Kochi, Oct 14 (UNI) Next time you are hunting for an exclusive anniversary gift for your parents, e-mail their wedding photograph to the Integrated Rural Technology Centre (IRTC) in Palakkad, where potters will transfer the picture onto an exquisite terrocotta pot to make a memorable memento.
About 70-odd potters living in the rural areas of Palakkad district of Kerala have been trained in the past three years in the French decorative art of ''decoupage'' (decorative cut-outs) by the IRTC, an NGO supported by the Kerala Shastra Sahitya Parishad (KSSP) and the Union Department of Science and Technology.
''We have been imparting the three-day training module to the potters, including women, through a group of professional artists.
This has helped them to transfer their ordinary pots into exquisite art pieces with paintings of Raja Ravi Varma, Michaelangelo and Leonardo da Vinci embossed on them,'' Dr Lalthiambika, Project Coordinator, IRTC, told UNI here.
The decorative pottery has found a good market in places such as Mumbai and efforts were now on to take the artefacts to 'Dilli Haat' in the national capital, she said.
The IRTC provides technical and marketing assistance to the potters, who are now able to earn anything between Rs 100 to Rs 300 per day, depending on their skill. The work is available to them almost throughout the year, Dr Lalithambika, said.
The IRTC has put up a stall at the ongoing ''Swasraya Bharath 2007' exhibition here, organised by the Swadeshi Science Movement, as part of the National Self-Reliance Week Celebration from October nine to 15.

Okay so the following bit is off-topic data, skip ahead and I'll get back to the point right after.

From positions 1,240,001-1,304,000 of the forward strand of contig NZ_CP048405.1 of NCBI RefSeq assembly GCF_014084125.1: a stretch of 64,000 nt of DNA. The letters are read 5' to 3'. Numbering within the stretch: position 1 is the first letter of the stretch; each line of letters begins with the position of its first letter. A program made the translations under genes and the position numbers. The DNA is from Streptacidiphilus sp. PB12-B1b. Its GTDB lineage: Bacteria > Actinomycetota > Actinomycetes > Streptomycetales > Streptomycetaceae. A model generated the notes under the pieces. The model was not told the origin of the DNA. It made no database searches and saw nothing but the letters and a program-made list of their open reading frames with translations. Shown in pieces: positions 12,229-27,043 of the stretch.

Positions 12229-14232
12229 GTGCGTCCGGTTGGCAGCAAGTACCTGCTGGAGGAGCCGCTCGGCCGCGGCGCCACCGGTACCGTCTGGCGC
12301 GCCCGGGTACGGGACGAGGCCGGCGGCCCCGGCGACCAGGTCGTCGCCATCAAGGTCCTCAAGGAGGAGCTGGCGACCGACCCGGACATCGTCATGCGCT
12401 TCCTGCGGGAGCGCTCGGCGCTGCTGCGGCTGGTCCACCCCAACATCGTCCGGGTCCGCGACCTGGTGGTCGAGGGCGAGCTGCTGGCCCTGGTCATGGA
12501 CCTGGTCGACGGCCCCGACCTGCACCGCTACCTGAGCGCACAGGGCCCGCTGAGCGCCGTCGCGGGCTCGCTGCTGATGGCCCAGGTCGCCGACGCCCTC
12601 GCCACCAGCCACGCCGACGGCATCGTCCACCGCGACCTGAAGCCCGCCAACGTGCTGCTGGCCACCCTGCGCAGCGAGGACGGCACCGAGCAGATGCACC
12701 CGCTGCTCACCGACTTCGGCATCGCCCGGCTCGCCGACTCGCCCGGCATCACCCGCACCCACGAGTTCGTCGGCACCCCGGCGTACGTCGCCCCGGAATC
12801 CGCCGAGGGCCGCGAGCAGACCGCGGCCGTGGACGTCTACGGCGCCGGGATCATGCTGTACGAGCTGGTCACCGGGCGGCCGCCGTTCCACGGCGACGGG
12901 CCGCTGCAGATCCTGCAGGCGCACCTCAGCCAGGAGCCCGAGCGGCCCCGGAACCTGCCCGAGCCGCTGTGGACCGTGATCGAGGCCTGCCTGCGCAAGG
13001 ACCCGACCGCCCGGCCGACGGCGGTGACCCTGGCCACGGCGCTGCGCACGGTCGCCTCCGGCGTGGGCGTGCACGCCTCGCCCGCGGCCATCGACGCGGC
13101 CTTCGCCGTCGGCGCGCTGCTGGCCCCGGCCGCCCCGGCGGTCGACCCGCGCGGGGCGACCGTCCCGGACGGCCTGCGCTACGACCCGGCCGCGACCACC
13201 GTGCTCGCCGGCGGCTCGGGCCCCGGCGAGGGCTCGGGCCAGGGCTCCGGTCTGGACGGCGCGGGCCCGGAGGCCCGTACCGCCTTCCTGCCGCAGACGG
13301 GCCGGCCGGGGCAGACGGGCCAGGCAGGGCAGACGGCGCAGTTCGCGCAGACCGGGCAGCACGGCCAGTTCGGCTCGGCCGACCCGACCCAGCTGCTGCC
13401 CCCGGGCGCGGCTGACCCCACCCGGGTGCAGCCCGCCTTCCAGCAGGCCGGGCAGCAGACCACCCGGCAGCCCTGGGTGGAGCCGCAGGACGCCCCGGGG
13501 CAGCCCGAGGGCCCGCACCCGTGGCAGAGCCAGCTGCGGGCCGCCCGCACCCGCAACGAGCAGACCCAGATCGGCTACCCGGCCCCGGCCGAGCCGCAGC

The decorative pottery, priced around Rs 150 to Rs 175, was sold well. Especially popular were pieces with known Raja Ravi Varma paintings such as 'Shakuntala with the Swan' and Da Vinci's Mona Lisa on them.
Adding a personal touch to the artefacts, the potters can also put family portaits or personal photographs given by the buyers on to the pots. These were particularly popular as gift items in Mumbai, Dr Lalithambika said The technique of ''decoupage'' involves pasting laser stencils of the pictures onto the pots and then painting over them.
''The potters have been able to master this technique and were able to skillfully transfer the picture on to the surface of the pottery, which is made especially smooth for the purpose. The painting of pots is a delicate task, as the colours have to blend in perfectly,'' she added.
Thus, an exclusive gift for a buyer is also a helping hand for an artisan.